Day 39, Tuesday November 3, 1998

Giovanni Soldini finally finished on a gray rainy morning just before 8:30 a.m. local time. It took him almost four hours more than predicted to cross the finish line with 3-4 knot wind and 14 foot swells. Isabelle Autissier greeted Soldini with a hug as he stepped onto the dock. His elapsed time for the leg was 37 days, 14hours, 14minutes and 42 seconds. In the previous race he would finish second with his time, but this time it was good enough only for a fifth. He arrived at Cape Town 2 days, 18 hours, 9 minutes and 58 seconds behind winner Mike Golding.

FolSodiniOnDeck.jpg (24861 bytes)
Giovanni Soldini

"Going so far north at the start was a big mistake, but who could know," said Soldini. "Tropical Storm Lisa came out and stole all the wind." Before he knew it he was forced to work off a 400-mile gap with the leader. "I sailed hard and saw the miles shorten, 250 then 200 miles," said Soldini. "All I could do was sail hard and I did and I broke the one-day record of 386.9 nautical miles."

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Fila

"Then there was this story of a cold front in the southern Atlantic. It was crazy, I mean, it was too much. I was pushing like crazy to stay behind the front," he said. "Then it passed over me and slowed down, and all the other boats stayed in front of it. I was obliged to stay south, otherwise I would get stuck in high pressure. But now the other boats are a very long way ahead. In the next legs I will do my race the best I can. And then we'll see."

In Class II J.P. Mouligne was with just 500 miles to go. He wrote: "The sea is not rough but the swells are big and I can only imagine what they will look like in 50 knots of wind... If all goes well Mike and Brad cannot catch me but the simplest mistake can cost me the leg. As soon as it was day light this morning, I did a good inspection of the rig and sails. All look normal. I also always check the stern to make sure that I am not dragging anything like a rope or an old fish net." His first place looks secured. Next boat is 200 miles back and Garside on third place reported problems with autopilot.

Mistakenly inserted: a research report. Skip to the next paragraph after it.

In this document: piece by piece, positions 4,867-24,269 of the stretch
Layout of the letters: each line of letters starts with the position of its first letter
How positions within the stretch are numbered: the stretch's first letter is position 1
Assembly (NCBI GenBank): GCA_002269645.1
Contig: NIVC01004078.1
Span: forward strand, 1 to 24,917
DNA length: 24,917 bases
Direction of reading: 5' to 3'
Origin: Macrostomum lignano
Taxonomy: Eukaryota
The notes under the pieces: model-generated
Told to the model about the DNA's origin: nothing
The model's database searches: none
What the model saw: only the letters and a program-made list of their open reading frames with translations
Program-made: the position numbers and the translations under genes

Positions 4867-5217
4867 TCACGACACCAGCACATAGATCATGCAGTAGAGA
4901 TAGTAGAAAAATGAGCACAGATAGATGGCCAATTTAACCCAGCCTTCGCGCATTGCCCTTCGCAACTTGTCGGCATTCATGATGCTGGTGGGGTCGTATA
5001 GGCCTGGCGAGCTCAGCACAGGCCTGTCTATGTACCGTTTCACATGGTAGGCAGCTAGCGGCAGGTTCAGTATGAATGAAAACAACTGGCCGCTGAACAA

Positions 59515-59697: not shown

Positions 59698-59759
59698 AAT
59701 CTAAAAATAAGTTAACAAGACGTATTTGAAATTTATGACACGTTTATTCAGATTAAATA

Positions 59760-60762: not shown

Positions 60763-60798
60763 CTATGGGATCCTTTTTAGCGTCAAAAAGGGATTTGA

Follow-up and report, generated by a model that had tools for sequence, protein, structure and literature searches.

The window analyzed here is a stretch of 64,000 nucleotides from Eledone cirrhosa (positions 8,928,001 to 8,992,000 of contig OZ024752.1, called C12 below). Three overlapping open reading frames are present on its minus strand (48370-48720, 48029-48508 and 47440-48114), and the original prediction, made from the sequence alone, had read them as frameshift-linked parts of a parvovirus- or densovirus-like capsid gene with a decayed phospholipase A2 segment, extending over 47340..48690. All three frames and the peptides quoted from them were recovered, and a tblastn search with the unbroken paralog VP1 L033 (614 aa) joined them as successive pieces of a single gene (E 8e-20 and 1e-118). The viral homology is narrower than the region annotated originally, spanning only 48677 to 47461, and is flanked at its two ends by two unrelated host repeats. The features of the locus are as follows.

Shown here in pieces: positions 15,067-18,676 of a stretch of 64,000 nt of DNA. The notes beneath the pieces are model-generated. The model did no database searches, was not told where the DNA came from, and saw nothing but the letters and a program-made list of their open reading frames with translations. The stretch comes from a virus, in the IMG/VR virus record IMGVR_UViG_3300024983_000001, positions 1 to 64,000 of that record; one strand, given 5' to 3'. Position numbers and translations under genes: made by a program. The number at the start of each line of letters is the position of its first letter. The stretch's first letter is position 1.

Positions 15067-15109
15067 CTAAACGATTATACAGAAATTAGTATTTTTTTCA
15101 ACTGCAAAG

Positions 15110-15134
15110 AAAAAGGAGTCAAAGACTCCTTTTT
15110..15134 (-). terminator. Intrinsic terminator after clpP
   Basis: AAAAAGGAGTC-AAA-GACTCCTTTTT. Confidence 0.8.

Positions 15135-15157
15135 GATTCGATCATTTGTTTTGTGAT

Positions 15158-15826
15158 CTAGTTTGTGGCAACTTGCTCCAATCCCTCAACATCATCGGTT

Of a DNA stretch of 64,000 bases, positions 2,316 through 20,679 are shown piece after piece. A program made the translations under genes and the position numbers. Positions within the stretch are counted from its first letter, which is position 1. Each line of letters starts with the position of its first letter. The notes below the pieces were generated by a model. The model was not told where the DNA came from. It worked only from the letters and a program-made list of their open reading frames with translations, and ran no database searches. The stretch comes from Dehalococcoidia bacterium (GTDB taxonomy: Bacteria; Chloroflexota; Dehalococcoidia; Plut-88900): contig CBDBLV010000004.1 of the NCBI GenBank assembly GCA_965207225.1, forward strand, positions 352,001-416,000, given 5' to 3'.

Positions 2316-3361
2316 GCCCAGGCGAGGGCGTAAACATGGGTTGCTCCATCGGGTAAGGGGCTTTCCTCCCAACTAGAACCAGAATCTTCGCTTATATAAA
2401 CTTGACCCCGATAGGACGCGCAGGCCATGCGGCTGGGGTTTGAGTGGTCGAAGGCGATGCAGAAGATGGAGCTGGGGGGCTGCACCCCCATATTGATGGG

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Foto Richard Konkolski

Davie was still holding fourth position, but Stricker was closing the gap. Petersen on fifth position reported: "I spent the day trying to write, but it was not good. So I slept fitfully. Robin Davie and I have been coming up on the radio regularly now twice a day. He is making good miles with his improvised rudder." Only the last sailor of second class did not experience any special excitement. Neil wrote: "Weather much the same but then I suppose that's the nature of trade winds. Thanks. See y'all tomorrow, Neil."
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Paladin II Foto Billy Black

Positions:

Class 1

Place

Skiper

Boat

Latitude

Longitude

Dist. to go

Speed

Dist. to first

Time

1

Golding

Team Group 4

Cape

Town

0

0

0

0

2

Autissier

PRB

Cape

Town

0

0

0

0

3

Thiercelin

Somewhere

Cape

Town

0

0

0

0

4

Hall

PRB

Cape

Town

0

0

0

0

5

Soldini

Fila

Cape

Town

0

0

0

0

6

Konioukhov

Mod Univ Human

08 44S

032 48W

3194

8.6

3194.1

1720

7

Reidl

Project Amazon

Retired

0

0

0

0

0

Class 2

Place

Skiper

Boat

Latitude

Longitude

Dist. to go

Speed

Dist. to first

Time

1

Mouligne

Cray Valley

37 11S

009 12E

491

10.5

0

2144

2

Van Liew

Balance Bar

37 34S

005 03E

687

9

195.3

2144

3

Garside

Magellan Alpha

37 53S

004 13E

730

10.3

238.6

2144

4

Davie

South Caroline

32 28S

019 51W

1913

6.8

1421.5

2144

5

Stricker

Rapscallion III

31 08S

019 55W

1936

8.6

1444.2

2144

6

Petersen

No Barriers

25 55S

022 43W

2178

7.5

1686.3

2144

7

Yazykov

Wind of Change

21 46S

023 39W

2330

8.9

1838.5

2144

8

Saito

Shuten-dohji

23 50S

025 34W

2370

8

1878.4

2144

9

Hunter

Paladin II

12 32S

029 21W

2896

6.3

2404.8

2144

Copyright Richard Konkolski
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